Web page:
James Dean’s final film, released in 1956 after his death, makes for a disappointing epitaph. The combination of director George Stevens and source novelist Edna Ferber, both given to expressions of overblown high seriousness, yields a long, slow, achingly self-important movie.
Rock Hudson is a cattle baron, Dean is a maverick rancher who strikes oil, and Liz Taylor is the woman they both love. The triangle plays out down the years – and feels like it – with Dean bizarrely portraying a middle age he never reached.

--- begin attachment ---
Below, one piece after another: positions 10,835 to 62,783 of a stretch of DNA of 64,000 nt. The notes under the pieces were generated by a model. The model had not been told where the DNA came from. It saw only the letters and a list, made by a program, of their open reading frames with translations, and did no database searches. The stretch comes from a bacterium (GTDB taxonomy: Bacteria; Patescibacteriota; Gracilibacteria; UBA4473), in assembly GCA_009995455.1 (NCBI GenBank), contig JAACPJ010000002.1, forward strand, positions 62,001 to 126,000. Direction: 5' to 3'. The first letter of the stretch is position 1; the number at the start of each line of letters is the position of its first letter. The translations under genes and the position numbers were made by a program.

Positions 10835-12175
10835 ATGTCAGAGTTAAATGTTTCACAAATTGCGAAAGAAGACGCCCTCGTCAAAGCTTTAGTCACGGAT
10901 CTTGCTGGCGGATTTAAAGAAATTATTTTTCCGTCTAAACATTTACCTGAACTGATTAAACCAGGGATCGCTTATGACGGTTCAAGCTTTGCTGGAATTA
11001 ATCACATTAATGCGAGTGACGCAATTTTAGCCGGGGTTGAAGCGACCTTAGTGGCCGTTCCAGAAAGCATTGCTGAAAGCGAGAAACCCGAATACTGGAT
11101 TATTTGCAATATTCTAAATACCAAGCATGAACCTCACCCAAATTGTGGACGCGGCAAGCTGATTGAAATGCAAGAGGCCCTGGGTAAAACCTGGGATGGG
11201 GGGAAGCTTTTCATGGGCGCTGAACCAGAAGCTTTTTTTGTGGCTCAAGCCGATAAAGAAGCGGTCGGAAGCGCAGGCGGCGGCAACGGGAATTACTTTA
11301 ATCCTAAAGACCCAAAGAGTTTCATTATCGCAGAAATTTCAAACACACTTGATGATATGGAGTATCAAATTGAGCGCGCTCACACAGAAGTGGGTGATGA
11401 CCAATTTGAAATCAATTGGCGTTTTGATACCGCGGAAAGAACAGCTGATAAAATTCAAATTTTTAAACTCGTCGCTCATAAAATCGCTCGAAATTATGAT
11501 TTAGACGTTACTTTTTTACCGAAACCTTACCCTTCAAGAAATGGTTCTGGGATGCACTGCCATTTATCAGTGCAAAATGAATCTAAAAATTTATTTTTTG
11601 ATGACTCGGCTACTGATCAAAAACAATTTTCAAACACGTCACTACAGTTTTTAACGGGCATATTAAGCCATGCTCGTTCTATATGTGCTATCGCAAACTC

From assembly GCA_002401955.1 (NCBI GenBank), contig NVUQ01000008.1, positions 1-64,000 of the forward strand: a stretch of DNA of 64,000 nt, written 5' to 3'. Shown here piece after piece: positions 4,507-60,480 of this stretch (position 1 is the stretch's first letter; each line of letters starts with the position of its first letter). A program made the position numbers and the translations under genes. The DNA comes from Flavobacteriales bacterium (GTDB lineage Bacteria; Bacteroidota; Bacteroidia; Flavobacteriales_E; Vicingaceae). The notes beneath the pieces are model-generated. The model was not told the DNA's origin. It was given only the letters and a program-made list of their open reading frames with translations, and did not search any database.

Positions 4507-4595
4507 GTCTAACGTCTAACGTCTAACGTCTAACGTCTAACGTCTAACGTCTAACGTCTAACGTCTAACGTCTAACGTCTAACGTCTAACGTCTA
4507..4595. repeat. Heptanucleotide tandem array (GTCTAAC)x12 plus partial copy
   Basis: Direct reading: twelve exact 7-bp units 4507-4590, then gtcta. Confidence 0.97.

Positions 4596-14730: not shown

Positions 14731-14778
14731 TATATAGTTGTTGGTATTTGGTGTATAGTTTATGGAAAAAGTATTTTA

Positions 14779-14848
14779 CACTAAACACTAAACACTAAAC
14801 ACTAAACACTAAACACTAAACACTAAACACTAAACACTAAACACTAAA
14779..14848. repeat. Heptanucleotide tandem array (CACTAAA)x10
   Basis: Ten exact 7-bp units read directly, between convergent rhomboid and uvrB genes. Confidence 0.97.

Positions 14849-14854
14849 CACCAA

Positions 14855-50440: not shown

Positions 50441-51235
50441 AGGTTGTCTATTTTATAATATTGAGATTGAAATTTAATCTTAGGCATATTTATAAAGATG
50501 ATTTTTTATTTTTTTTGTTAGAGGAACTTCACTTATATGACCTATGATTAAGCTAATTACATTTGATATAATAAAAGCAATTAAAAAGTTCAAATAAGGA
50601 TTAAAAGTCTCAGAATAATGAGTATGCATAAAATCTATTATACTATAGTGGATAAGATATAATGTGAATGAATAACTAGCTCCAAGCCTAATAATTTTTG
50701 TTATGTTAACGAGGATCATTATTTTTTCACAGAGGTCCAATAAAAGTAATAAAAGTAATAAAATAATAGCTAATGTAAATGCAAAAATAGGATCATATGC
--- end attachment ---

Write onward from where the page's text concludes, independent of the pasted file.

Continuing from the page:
Compensations are Dimitri Tiomkin’s epic score and William Mellor’s widescreen lensing of the Texan landscapes.
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